January 18, 2011 | 7
Countless epidemiological studies have shown that as you move from a normal body weight towards obesity the risk of many chronic diseases increases exponentially. However, more and more research suggests that the relationship between body weight and health is much more nuanced than previously thought.
Recent estimates suggest that approximately one in three obese individuals remain metabolically healthy (displaying normal blood glucose, blood lipids, blood pressure, and a healthy cytokine profile) despite their excess weight. These same individuals may have a similar risk of developing heart disease and diabetes as their skinny counterparts and they may actually become less healthy by losing weight!
Thus, as we shall see below, there is certainly more to health than the number on one’s bathroom scale.
It all started in 1965. Two researchers, Albrink and Meigs, were performing a general investigation into the health of factory workers, and noted a rather counterintuitive result: that many obese men had healthy levels of triglycerides in their blood.
In 1982, Ethan Sims first included the designation of "healthy obese" subtype in his classification of obesity, thereby first identifying a unique subset of obese individuals that appear to be at least partially protected from the development of the metabolic disturbances generally attributed to obesity.
Unfortunately, despite awareness of the metabolically health obese phenotype for close to 30 years, there currently exist no established criteria by which to define these individuals.
What defines a metabolically healthy obese individual?
The defining characteristics of the metabolically healthy obese phenotype, in contrast to obese individuals with metabolic risk, include limited abdominal, particularly visceral fat accumulation, an earlier onset of obesity (<20 years) and high levels of physical activity. Additionally, black obese individuals have a greater tendency of being metabolically healthy in contrast to white obese.
Japanese sumo wrestlers are often used as a popular example of metabolically healthy obese. They are morbidly obese and yet due to their high level of activity have very little visceral fat accumulation, tons of muscle mass, and a healthy metabolic profile—until they stop training, that is. Once their activity drops off, so does their fitness, and they begin to accumulate excess fat in deleterious locations, matched by a worsening in their metabolic profile.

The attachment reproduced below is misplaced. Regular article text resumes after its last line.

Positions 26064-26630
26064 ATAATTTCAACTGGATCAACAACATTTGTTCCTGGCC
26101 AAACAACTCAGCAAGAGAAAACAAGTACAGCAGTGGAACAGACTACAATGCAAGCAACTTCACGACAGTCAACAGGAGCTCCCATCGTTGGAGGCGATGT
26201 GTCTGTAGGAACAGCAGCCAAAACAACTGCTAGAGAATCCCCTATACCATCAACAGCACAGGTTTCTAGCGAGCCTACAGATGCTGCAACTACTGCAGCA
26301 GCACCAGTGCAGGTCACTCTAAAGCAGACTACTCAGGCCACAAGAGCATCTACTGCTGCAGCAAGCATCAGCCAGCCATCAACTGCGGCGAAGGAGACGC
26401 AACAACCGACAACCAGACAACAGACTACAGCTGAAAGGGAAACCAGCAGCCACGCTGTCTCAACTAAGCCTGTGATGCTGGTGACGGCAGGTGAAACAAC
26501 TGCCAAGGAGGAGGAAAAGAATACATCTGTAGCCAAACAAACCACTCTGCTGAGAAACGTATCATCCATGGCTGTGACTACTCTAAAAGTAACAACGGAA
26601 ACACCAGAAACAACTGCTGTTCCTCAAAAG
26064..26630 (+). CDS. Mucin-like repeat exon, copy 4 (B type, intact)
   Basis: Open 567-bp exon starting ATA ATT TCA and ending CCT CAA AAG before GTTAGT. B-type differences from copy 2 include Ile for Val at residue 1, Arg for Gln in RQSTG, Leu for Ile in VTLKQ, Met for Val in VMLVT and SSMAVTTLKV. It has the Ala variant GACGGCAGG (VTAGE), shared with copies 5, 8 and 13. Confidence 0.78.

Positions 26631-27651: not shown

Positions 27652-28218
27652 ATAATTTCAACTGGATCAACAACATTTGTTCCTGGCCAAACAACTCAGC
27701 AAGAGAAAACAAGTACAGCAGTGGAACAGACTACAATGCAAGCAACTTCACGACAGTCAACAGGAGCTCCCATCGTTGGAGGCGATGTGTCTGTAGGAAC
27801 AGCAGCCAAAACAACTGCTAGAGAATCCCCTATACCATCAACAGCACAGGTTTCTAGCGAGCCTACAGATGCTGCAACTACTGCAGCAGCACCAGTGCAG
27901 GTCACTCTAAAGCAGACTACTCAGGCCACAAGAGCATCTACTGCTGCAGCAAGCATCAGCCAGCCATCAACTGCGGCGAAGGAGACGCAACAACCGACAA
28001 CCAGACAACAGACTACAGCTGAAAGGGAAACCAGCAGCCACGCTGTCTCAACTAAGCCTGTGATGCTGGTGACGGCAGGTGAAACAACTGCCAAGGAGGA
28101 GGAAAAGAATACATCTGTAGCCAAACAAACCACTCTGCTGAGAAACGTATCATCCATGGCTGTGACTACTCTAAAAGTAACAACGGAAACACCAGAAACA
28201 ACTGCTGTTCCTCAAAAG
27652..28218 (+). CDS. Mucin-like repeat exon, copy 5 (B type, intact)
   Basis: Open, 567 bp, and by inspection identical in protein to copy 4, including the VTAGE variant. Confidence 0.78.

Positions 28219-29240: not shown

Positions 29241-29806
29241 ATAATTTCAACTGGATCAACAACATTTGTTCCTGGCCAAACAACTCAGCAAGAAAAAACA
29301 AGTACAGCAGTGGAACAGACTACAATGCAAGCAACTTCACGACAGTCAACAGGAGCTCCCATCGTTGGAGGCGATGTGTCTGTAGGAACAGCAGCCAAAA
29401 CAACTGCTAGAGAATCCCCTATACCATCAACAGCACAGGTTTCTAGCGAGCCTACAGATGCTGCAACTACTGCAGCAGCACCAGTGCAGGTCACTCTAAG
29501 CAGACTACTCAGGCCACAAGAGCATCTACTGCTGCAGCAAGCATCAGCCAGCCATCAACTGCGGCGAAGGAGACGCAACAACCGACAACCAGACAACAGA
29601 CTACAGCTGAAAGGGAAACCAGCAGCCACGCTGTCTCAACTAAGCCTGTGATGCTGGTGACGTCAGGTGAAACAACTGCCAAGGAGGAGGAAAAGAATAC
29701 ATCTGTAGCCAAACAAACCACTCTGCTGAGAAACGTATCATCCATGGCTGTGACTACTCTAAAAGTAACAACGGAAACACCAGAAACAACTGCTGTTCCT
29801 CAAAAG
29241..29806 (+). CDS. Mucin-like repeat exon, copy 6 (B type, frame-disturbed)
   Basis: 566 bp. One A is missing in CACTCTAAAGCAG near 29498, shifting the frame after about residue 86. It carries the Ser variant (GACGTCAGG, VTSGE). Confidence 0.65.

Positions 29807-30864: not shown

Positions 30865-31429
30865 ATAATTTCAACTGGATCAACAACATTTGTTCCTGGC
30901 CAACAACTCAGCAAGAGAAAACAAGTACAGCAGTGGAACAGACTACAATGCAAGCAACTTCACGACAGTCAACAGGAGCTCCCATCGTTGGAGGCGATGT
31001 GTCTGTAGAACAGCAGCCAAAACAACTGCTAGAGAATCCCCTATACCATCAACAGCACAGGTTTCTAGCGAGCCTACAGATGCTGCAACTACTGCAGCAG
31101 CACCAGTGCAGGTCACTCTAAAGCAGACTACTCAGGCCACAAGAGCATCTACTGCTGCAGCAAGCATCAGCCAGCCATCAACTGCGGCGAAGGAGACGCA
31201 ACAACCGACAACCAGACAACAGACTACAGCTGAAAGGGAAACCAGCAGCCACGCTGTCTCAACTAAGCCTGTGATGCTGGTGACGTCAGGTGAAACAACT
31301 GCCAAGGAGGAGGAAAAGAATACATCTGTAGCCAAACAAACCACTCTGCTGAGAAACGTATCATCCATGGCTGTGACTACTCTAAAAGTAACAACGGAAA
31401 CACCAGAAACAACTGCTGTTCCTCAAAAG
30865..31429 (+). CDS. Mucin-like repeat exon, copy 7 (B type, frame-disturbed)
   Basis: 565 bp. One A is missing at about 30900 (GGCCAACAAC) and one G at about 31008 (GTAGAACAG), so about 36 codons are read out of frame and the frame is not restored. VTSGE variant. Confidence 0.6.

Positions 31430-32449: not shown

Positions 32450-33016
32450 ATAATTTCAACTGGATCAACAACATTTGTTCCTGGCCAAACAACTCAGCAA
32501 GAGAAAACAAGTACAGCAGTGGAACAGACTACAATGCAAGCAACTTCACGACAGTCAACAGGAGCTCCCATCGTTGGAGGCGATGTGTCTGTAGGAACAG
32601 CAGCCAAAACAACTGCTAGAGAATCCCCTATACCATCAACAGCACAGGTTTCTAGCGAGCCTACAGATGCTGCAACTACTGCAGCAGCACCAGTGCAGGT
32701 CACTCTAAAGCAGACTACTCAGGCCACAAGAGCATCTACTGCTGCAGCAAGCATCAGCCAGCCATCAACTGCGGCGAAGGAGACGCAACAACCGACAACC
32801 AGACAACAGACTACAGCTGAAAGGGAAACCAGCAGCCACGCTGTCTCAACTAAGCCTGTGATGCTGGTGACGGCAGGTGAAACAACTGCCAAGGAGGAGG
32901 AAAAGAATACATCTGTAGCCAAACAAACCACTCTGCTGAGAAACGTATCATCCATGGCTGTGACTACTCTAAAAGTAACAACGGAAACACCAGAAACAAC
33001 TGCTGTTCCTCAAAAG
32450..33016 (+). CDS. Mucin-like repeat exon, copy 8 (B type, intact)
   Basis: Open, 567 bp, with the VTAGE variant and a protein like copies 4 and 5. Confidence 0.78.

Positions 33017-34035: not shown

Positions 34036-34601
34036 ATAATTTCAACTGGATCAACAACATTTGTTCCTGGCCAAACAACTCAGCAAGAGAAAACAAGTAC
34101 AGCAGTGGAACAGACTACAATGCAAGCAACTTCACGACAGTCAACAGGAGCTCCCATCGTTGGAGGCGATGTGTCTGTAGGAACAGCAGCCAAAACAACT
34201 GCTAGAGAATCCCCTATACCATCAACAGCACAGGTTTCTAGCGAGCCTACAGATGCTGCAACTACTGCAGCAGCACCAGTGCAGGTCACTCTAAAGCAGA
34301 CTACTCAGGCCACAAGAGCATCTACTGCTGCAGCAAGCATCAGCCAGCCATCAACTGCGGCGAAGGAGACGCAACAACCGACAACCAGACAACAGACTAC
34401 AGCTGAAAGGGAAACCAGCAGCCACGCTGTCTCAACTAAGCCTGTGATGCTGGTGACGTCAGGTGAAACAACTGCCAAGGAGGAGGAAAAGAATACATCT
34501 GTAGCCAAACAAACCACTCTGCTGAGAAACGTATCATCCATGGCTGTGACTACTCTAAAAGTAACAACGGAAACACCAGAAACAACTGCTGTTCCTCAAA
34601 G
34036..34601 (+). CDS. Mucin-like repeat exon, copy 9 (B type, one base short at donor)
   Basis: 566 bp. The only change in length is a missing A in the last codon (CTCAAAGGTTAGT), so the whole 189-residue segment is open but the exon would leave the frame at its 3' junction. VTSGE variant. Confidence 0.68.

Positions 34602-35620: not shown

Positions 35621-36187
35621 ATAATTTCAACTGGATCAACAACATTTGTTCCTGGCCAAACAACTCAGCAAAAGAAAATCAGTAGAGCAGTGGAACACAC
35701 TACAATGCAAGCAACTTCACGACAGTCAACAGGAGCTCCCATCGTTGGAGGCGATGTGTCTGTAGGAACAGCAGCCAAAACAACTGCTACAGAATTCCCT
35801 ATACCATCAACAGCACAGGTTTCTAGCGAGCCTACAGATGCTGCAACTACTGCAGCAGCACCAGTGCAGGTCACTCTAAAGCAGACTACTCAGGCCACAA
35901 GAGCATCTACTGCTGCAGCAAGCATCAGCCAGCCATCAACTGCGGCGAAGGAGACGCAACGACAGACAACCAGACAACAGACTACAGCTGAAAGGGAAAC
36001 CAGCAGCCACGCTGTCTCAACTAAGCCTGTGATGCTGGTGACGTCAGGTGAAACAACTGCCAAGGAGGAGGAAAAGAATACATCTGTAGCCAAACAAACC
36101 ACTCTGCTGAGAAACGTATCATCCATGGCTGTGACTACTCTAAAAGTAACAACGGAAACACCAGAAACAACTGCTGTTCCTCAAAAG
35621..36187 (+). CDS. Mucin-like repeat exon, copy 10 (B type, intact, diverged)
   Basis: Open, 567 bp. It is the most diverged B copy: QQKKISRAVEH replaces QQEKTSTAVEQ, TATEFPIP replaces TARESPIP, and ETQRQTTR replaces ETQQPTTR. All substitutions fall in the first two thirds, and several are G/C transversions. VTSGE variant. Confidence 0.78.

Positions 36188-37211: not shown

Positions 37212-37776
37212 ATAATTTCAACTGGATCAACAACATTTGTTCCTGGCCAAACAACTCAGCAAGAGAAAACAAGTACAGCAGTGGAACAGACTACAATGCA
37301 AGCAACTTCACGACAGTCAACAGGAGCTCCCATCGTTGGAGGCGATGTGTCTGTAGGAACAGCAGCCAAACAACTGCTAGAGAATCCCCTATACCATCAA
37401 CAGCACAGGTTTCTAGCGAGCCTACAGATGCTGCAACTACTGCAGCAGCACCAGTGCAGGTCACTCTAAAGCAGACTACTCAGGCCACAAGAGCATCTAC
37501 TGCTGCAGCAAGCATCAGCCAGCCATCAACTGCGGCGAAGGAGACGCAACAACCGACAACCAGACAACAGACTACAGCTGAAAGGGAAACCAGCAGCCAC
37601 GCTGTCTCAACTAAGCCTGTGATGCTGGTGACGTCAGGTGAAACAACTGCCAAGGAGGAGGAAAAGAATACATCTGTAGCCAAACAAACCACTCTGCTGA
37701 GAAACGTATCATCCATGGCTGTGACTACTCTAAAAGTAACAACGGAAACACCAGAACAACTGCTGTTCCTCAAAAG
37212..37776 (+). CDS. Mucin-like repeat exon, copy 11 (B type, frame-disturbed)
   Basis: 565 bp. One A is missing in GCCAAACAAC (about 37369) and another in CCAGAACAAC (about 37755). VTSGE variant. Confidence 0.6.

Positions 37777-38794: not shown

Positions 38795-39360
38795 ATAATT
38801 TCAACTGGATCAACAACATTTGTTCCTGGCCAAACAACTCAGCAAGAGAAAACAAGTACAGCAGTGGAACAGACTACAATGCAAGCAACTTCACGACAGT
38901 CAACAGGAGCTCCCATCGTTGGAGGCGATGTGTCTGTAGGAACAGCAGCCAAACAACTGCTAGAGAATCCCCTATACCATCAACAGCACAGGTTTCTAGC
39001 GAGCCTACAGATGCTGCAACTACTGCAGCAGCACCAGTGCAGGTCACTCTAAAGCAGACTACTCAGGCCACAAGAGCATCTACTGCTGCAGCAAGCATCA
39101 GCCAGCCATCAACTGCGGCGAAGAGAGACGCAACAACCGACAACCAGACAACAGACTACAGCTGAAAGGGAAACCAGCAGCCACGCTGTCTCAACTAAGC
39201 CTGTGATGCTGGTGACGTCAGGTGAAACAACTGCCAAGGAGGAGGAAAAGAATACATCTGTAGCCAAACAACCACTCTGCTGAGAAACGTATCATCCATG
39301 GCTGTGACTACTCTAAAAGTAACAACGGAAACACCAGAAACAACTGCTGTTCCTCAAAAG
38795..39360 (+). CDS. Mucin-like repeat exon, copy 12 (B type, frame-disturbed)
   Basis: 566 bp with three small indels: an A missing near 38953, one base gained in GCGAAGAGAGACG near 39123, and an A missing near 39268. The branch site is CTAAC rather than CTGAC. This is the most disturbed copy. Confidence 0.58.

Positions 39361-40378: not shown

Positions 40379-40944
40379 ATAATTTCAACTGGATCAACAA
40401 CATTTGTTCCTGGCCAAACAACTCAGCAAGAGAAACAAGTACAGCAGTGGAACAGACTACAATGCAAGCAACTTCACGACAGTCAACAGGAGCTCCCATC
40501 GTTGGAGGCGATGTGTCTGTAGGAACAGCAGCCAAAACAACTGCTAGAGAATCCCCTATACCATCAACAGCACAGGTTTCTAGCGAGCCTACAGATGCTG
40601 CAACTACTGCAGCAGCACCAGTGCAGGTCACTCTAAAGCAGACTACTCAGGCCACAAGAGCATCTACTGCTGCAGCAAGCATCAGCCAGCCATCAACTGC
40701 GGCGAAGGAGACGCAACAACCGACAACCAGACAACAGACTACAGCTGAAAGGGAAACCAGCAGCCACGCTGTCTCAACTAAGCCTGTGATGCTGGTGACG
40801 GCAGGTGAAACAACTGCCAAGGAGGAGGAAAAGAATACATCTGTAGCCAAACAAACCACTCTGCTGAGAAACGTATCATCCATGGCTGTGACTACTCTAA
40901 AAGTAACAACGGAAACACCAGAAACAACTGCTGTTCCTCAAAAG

Risk of heart disease and diabetes among healthy obese individuals
Ok, so maybe there are some people with excess weight who somehow manage to maintain a reasonable healthy metabolism. But what about the chances of developing chronic diseases such as diabetes or cardiovascular disease—two common ailments tied to carrying excess weight?
Two large studies have sought to answer this question, and their results may surprise you.
In the first study, 2902 men and women were subdivided into different groups based on their weight and metabolic status and were prospectively followed for up to 11 years to see who would develop type-2 diabetes or cardiovascular disease.
And what say the results?
In terms of risk for developing cardiovascular disease or type 2 diabetes, metabolically healthy obese were at NO higher risk in comparison to their equally healthy, but normal weight individuals.
The authors of this study provide the following conclusion [emphasis added]:
"[...] in the absence of metabolic abnormalities, obesity itself did not increase risk for cardiovascular disease and was a relatively weak risk factor for incident diabetes."
A similar conclusion was reached by Canadian researchers following a group of 1824 men for a duration of 13 years:
"The results of this prospective population-based study indicate that the risk of ischemic heart disease associated with a high body mass index depended entirely on whether features of insulin resistance syndrome were simultaneously present."
Thus, it appears that 1 in 3 obese individuals is not only metabolically healthy, but their risk of disease is equal to that of their leaner counterparts.